by Lacey Byrne, Yellowbrick Staff Writer
On January 20th, people gathered around the country for the second Annual Women’s March, marking the one-year anniversary of President Donald Trump’s swearing in. The 2017 march brought record numbers of people to the capitol. Activists were hoping to keep the momentum going with events around the country this time around in 2018.
Being able to protest is one of the many things that make being part of a democratic nation so vital. Now, more than ever, it’s easier for people to mobilize, organize and come together on dozens of issues. Many parents wonder if it’s o.k. to bring their child to a protest event. The answer is, “Yes!” Of course, it depends on where and for what. If you’re expecting an especially heated and potentially violent protest… well, maybe stay home. But for the most part, attending a protest can be an empowering experience for your whole family.
Writer Jamie Davis Smith offers a laundry list of things for parents to consider when bringing their children to a march. These range from preparing your child ahead of time, creating signs together, wearing coordinated outfits, taking breaks, and bringing plenty of snacks and water.
Of course many marches take place in urban epicenters like Washington, D.C., New York City and Seattle, Washington, which may be pretty far from where you live. You may be surprised that your community, or large town closest to you, is showing their solidarity with an issue that you care about deeply. Facebook is a great place to discover what’s going on in your community.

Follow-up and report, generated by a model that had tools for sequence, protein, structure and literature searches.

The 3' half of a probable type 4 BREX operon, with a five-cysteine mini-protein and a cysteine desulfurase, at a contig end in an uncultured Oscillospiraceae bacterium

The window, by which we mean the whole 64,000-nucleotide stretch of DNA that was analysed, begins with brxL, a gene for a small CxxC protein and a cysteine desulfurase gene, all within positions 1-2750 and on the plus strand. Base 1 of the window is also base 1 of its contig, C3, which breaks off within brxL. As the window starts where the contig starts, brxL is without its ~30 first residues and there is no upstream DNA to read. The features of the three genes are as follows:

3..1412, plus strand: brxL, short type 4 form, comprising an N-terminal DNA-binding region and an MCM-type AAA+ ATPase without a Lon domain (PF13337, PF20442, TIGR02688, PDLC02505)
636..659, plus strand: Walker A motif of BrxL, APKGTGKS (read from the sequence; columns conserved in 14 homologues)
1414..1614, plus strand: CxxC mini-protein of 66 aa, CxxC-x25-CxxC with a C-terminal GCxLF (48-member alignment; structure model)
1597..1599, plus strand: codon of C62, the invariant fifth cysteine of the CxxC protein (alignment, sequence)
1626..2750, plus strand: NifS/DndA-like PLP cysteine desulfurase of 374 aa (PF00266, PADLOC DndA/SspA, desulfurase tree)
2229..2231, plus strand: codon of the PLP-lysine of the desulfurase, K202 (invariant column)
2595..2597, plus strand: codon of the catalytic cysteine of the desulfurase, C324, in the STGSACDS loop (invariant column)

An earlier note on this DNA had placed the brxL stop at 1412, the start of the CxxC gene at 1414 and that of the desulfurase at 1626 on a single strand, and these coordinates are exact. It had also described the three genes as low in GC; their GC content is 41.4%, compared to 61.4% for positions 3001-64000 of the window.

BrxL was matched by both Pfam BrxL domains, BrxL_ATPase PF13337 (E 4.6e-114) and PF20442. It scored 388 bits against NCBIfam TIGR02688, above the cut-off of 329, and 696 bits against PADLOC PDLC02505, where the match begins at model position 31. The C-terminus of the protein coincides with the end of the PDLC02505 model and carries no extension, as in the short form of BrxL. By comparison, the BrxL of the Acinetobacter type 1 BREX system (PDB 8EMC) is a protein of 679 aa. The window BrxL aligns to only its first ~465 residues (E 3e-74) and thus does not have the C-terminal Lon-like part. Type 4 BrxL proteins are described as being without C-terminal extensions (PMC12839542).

There may be issues that are near and dear to the heart of your family, such as environmental issues, disability, cancer, animal rights, etc. And perhaps your teenage son or daughter is passionate about something of which you know very little. What a great opportunity to chaperone them and their friends to an event and have them expose you to an idea. As we get older, we can become dispassionate and cynical, while younger people serve to inspire us to not give up.
It might not be feasible for you and your family to participate in marches and protests. But you can certainly participate by looking at pictures and articles online and fostering a discussion at home. Your young daughter might not yet be able to understand why a Women’s March is taking place, but you can be sure to find resources that are at her level of understanding. The Pink Hat by Andrew Joyner reminds us that we’re never too young to get a glimpse into what it means to stand up and voice our opinions.
Writer Mary Beth shares her perspectives on bringing her family to events in Vermont. She laments that she wishes she and her husband could isolate themselves and their kids from the stress of current politics but instead uses current events as jumping off points for discussion.
“We want our children to know that we can make the world a better place when we speak out against things that are wrong. We want them to know that as Americans, even as young Americans- when they protest with their friends and neighbors to make their voices heard, that they become powerful.”
Sharing stories of protest, as well as participating, is a fantastic way to not only teach our children about American History, but also help them understand the importance of speaking up. Having a voice, and being part of a collective movement of shared ideas and values, is powerful.
You may have missed the events on January 20th, but there will be plenty of other opportunities for you and your family to become engaged in a rally during 2018. Grab those posters and markers, and head on out!
– by Lacey Byrne, Yellowbrick Staff Writer